Sometimes I’ll rewatch a film I’ve matured into like Alan J. Pakula’s 1971, dark thriller, Klute. It’s not that it was beyond my comprehension when I saw it the first time in the theater. But having seen it again, recently, I better understand the motivation of prostitute, Bree Daniels, and Jane Fonda’s Academy Award-winning portrayal of her.
Bree was light years ahead of me when it came to understanding men.
Bree realized men came to her for more than just sex. In many cases they wanted compassion. While she stayed arm’s length from her clients, it was her own loneliness and vulnerability that made her compassionate. That may sound like an odd choice of words to describe a prostitute. Actually it’s a Catch 22. Bree’s jaded, off-the-grid lifestyle isolated her, but it was what also enabled her to see into the dark lonely places inside the men she encountered and to better understand what they needed.
In one brilliant scene Fonda shows us Bree’s intuitive sense of what her client—an elegant, lonely, older man—needed. Bree understood how to be relatable to a cultured, European businessman who, more than likely, preferred not see her as a prostitute. Bree, too, was cultured. She was skilled at turning her clients’s needs into erotic soundbites designed to make his time with her memorable.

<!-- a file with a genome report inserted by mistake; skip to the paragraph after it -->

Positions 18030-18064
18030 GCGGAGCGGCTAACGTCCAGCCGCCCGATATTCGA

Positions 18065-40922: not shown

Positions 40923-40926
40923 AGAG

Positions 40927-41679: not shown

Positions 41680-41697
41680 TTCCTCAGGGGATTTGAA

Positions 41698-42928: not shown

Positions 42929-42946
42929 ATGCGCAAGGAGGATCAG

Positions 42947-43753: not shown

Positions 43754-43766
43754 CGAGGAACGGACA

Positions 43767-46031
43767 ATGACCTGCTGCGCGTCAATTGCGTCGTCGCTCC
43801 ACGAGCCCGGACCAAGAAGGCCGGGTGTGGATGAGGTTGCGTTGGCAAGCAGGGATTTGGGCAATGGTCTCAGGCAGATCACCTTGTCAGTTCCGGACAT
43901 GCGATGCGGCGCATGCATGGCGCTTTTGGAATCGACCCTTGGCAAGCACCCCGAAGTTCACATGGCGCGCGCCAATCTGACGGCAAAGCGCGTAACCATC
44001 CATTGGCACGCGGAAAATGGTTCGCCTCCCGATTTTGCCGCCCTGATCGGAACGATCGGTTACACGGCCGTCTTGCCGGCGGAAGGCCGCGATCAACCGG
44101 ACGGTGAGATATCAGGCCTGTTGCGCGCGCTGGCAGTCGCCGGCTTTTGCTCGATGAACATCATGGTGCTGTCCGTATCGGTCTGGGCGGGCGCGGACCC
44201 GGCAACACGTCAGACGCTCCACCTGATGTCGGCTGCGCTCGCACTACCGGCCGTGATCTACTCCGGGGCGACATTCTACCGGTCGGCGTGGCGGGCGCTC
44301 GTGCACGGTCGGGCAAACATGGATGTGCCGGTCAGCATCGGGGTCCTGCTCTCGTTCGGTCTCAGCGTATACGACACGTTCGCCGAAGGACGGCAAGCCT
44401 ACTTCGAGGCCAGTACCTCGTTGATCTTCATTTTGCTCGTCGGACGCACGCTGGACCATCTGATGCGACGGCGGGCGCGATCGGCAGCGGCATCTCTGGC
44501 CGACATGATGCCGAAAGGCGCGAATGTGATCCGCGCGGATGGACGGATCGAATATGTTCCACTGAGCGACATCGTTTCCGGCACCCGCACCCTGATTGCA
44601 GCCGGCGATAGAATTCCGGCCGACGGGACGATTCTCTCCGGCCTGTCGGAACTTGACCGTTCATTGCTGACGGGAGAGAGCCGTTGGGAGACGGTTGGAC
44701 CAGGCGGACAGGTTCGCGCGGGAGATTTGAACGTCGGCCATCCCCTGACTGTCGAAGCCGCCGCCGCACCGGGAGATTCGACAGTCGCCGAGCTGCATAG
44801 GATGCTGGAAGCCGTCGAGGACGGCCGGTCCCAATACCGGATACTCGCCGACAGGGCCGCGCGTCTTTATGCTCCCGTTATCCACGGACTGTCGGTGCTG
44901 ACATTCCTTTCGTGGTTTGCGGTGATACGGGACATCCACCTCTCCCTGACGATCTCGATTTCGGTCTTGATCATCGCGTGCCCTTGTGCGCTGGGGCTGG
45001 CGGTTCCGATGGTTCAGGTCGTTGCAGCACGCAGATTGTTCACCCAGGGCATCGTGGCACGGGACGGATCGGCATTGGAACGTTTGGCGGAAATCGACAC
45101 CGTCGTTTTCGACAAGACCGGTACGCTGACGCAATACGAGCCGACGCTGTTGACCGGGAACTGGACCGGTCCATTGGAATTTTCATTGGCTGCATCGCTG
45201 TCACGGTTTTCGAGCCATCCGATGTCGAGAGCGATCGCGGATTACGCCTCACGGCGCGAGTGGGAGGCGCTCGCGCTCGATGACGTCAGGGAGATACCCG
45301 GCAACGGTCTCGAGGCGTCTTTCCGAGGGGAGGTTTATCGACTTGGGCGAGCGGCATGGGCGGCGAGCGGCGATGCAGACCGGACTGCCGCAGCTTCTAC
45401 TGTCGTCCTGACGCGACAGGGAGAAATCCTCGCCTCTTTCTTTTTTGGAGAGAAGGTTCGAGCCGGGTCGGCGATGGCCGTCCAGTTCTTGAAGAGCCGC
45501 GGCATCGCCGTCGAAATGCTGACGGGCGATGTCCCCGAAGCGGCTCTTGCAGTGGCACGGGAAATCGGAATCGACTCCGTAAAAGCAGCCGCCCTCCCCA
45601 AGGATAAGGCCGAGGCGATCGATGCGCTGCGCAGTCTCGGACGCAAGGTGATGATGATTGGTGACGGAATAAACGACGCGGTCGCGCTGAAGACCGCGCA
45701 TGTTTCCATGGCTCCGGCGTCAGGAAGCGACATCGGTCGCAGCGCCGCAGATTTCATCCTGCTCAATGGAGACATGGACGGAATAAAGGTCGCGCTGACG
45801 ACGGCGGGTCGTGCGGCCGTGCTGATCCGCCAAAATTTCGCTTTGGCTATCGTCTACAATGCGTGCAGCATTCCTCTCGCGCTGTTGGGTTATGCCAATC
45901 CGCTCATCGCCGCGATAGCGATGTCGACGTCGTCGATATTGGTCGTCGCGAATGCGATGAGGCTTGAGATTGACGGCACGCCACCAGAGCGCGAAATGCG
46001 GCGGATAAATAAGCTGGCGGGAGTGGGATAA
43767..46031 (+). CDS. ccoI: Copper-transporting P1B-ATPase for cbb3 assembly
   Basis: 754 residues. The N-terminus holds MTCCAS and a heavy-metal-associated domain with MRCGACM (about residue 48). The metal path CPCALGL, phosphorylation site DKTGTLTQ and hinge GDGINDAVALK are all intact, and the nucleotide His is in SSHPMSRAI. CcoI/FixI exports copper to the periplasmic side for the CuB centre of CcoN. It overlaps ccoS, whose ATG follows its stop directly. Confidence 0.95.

“I love inhibitions, because they’re so nice to get rid of.”
The world has changed a lot since 1971 and Klute, especially with the relationships between men and women. During the last year our society has found itself in the midst of the #MeToo movement, and women are outing men who’ve sexually abused or offended them in some way. And in return men are scared of making any kind of move to get to know a woman or to hire her.
I’ve been sexually assaulted by men in power, so I’m not unsympathetic, but in many ways it seems the #MeToo movement has backfired on women. Whether it was intentional or not, today’s young women have put a fence around themselves and have alienated themselves from men and from jobs.
Tonight on the national news there was a story about a law requiring companies to have a quota of female employees and to bring women on their board of directors. At least Bree Daniels was selling something men weren’t afraid of, and she was setting the rules for what she was paid and how she would be treated.
I wouldn’t be surprised to learn there are lots of young Bree Daniels on the scene, filling a need with “compassion” and the inherent, unthreatening understanding there will be no public outings or legal harassments.